Which campuses are eligible to apply?
To determine whether your campus is eligible to apply, visit the Carnegie Classification website (http://carnegieclassifications.iu.edu) and go to the tab for “Institution Look Up.” If your campus is listed, then you are eligible to apply for the Community Engagement Classification. There are a number of campuses that have one Basic Classification and multiple branch campuses. Branch campuses that have a history of being an independent institution, have distinct local leadership, and a distinct student body and community within which and with whom they partner, can apply for the Elective Community Engagement Classification separate from the overall institution, even when the branch campus does not have a “Basic” classification, provided that the institution does have a Basic Classification. In these cases, please consult our updated policy, linked here: Notice of Change in Policy: Eligibility for Applying for the Carnegie Elective Community Engagement Classification (April 18, 2018).
Which campuses are up for re-classification?
Campuses that earned the classification in 2015 will need to re-classify in the 2024 or 2026 classification cycle in order to retain the classification. Campuses can apply during either cycle and retain the classification. Successful classification in 2020 means that the next reclassification will be in the 2026 cycle.
PLEASE NOTE: Campuses that earned the classification in 2006, 2008, or 2010 were required to re-classify in 2015 (for 2006 and 2008 classification) or 2020 (for 2010 classification). If a 2006, 2008, or 2010 classified campus did not re-classify in 2015 or 2020, they will need to submit a first time application for the 2024 classification cycle.
Does the Documentation Framework list all of the questions that appear in the official online application?
Yes. The Documentation Framework comprises a list of all questions that appear in the application and also includes various notes that provide additional guidance as to the purpose of certain questions and the type of information that is expected in applicants’ responses. It is strongly recommended that institutions use this framework for collecting data and drafting responses to the application questions. Transferring responses from the framework to the online application and then submitting it should be the last steps in the application process.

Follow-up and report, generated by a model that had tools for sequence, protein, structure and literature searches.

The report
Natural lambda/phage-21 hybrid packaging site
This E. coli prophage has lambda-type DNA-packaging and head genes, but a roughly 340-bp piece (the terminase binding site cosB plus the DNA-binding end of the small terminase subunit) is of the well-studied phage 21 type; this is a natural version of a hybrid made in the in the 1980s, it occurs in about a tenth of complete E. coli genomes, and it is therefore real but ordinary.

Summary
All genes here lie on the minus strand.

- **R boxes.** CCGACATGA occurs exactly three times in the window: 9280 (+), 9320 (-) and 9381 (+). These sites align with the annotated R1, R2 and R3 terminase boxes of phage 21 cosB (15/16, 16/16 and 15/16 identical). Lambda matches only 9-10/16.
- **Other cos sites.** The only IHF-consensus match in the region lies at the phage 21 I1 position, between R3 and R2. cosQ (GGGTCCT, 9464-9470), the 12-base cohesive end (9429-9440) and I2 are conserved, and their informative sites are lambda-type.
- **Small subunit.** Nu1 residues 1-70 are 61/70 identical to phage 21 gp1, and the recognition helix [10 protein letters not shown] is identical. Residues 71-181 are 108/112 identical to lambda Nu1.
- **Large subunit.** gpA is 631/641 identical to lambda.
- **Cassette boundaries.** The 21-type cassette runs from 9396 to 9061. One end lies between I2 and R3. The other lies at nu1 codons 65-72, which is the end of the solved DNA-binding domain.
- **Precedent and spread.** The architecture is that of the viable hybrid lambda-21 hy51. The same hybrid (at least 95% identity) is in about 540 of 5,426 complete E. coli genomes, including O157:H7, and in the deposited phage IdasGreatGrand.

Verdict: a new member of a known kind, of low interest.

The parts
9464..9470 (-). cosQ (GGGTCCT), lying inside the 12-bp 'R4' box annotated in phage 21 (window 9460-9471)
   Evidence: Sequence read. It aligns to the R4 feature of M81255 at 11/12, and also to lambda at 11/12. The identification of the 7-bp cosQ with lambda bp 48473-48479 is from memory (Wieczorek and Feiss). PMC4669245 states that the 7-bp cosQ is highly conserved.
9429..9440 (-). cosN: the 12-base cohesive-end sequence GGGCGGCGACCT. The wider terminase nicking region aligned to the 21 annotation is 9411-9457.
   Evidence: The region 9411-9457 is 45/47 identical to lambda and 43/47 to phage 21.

Are web links (i.e., URLs) permitted in responses to application questions?
This depends on the type of application your institution is submitting. Web links will NOT be accepted as valid supporting documentation in First-Time Applications (i.e., reviewers will not open links included in the application). Instead, when relevant, First-Time Applicants should copy and paste text from websites and include that information as part of application responses, where appropriate.
Re-Classification Applicants should provide web links to relevant campus resources where requested in the application. Reviewers may want to examine websites for additional clarification of the responses in the application. Reviewers also may ask for a telephone conversation to clarify evidence provided.
How can we access the online application?
In order to gain access to the application when it is released in January 2022, institutional representatives should visit the application payment page via GivePulse.com, where they will be prompted to select an application type (first-time or re-classification). After the payment is complete, an email receipt will be generated and will include a unique link to the classification framework application portal. There, you will be able to complete the application and save your progress as a draft.